On December 3, 1842, environmental chemist Ellen Swallow Richards was born. Attracted to chemistry at Vassar, she applied for job as a professional chemist but was persuaded to apply to the Massachusetts Institute of Technology, where she became the first woman accepted at this specialist science school where she received a second science degree.
In a special university stream for women at MIT, Richards became a teaching assistant. She instructed several curriculum courses until MIT started to award women their undergraduate degrees. Richards received no pay for her work but recognized she was achieving a position of power from which to exert her views and growing influence. Richards’ special interests in environmental study were issues of quality in groundwater, air, soils, and food.
As an instructor in MIT’s laboratory of sanitary chemistry, Richards attracted the attention of the Massachusetts State Board of Health. She was hired to survey the quality of the state’s inland bodies of water. Richards served as the state’s official water analyst. Working with her assistants, she oversaw the collection of 20,000 water samples and found several water sources polluted with industrial waste and municipal sewage. Her work resulted in recommendations for water-quality standards. Massachusetts became the first state to create standards for water-quality. It also led to the state’s first municipal sewage treatment plant. In setting water quality standards for Massachusetts, Richards had set them for the nation.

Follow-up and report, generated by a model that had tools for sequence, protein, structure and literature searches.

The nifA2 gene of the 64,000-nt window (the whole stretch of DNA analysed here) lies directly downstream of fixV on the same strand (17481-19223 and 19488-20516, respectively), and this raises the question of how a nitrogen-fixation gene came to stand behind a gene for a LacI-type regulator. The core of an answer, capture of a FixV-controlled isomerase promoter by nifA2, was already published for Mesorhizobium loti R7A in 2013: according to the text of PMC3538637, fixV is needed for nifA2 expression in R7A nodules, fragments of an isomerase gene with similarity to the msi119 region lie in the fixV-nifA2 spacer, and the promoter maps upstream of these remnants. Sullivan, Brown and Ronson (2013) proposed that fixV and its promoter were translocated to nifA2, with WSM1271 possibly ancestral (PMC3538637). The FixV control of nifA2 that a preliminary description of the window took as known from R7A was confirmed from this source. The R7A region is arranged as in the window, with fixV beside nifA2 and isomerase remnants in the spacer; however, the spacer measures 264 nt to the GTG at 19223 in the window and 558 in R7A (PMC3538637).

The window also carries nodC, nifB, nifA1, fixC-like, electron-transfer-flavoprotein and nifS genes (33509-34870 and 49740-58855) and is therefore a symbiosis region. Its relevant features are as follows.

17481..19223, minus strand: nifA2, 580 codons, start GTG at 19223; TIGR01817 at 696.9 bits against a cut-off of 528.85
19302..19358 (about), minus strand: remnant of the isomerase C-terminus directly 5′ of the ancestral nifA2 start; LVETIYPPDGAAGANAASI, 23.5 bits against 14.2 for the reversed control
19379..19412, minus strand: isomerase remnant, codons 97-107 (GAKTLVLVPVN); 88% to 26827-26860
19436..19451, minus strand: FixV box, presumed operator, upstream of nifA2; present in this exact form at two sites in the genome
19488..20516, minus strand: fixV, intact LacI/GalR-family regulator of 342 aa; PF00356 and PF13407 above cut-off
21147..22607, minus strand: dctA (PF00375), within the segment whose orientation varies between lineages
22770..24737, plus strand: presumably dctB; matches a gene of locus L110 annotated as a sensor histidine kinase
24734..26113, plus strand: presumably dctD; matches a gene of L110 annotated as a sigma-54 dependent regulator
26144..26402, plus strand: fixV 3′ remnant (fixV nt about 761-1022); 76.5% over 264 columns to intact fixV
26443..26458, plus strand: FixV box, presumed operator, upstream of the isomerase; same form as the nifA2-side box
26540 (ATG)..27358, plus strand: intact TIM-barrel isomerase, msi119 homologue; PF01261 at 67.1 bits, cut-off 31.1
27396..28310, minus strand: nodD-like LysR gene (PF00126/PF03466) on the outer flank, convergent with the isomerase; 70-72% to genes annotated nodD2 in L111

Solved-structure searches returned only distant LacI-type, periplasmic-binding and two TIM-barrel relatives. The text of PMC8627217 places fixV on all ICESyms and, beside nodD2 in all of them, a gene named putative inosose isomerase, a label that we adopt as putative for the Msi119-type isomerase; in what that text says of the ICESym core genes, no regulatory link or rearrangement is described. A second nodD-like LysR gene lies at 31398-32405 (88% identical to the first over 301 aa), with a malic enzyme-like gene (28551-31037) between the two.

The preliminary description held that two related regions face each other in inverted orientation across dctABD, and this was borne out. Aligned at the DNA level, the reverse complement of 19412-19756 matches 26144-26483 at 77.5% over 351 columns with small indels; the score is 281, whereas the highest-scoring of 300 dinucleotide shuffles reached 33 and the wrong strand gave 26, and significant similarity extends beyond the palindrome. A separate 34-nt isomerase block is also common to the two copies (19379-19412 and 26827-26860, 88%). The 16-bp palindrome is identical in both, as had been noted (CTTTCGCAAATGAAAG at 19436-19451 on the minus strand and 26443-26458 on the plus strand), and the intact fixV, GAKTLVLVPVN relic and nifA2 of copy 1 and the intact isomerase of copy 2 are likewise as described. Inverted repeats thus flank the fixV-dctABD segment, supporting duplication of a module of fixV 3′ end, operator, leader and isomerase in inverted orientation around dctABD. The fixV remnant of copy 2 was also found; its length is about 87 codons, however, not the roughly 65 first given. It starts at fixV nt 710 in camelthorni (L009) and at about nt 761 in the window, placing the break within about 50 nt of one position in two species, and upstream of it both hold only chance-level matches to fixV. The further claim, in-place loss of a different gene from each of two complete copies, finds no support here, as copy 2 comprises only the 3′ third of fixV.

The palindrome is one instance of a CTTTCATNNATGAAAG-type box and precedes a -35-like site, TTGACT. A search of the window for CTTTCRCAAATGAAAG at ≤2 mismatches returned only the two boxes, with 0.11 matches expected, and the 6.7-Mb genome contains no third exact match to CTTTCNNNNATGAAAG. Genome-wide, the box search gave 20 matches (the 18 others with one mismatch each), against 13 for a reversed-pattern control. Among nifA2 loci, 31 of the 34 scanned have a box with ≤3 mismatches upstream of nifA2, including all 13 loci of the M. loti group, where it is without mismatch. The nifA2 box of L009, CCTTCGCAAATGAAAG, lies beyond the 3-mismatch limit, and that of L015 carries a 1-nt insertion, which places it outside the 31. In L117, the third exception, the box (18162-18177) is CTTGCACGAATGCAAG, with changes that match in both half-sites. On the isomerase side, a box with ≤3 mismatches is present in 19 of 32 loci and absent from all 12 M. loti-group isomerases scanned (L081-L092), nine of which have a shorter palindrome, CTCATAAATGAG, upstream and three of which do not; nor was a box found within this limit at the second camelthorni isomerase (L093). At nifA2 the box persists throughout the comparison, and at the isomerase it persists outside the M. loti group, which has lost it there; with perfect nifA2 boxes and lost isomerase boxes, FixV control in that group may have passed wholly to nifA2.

With colleague and food analyst A.G. Woodman, Richards published Air, Water and Food from a Sanitary Standpoint, a textbook that taught the importance of public sanitation. She went on to advocate running the home on a good understanding of science and its principles. Richards created original course curriculum, demonstrations, and models of family studies and domestic sciences. She wrote many books and articles around specific aspects of science required for healthful, efficient living.
She co-founded the Association of Collegiate Alumnae today called the American Association of University Women. Richards had become a public health advocate, a champion of women’s education in the sciences, and the foremost female industrial and environmental chemist in the United States in the 19th century.
B Bondar / Real World Content Advantage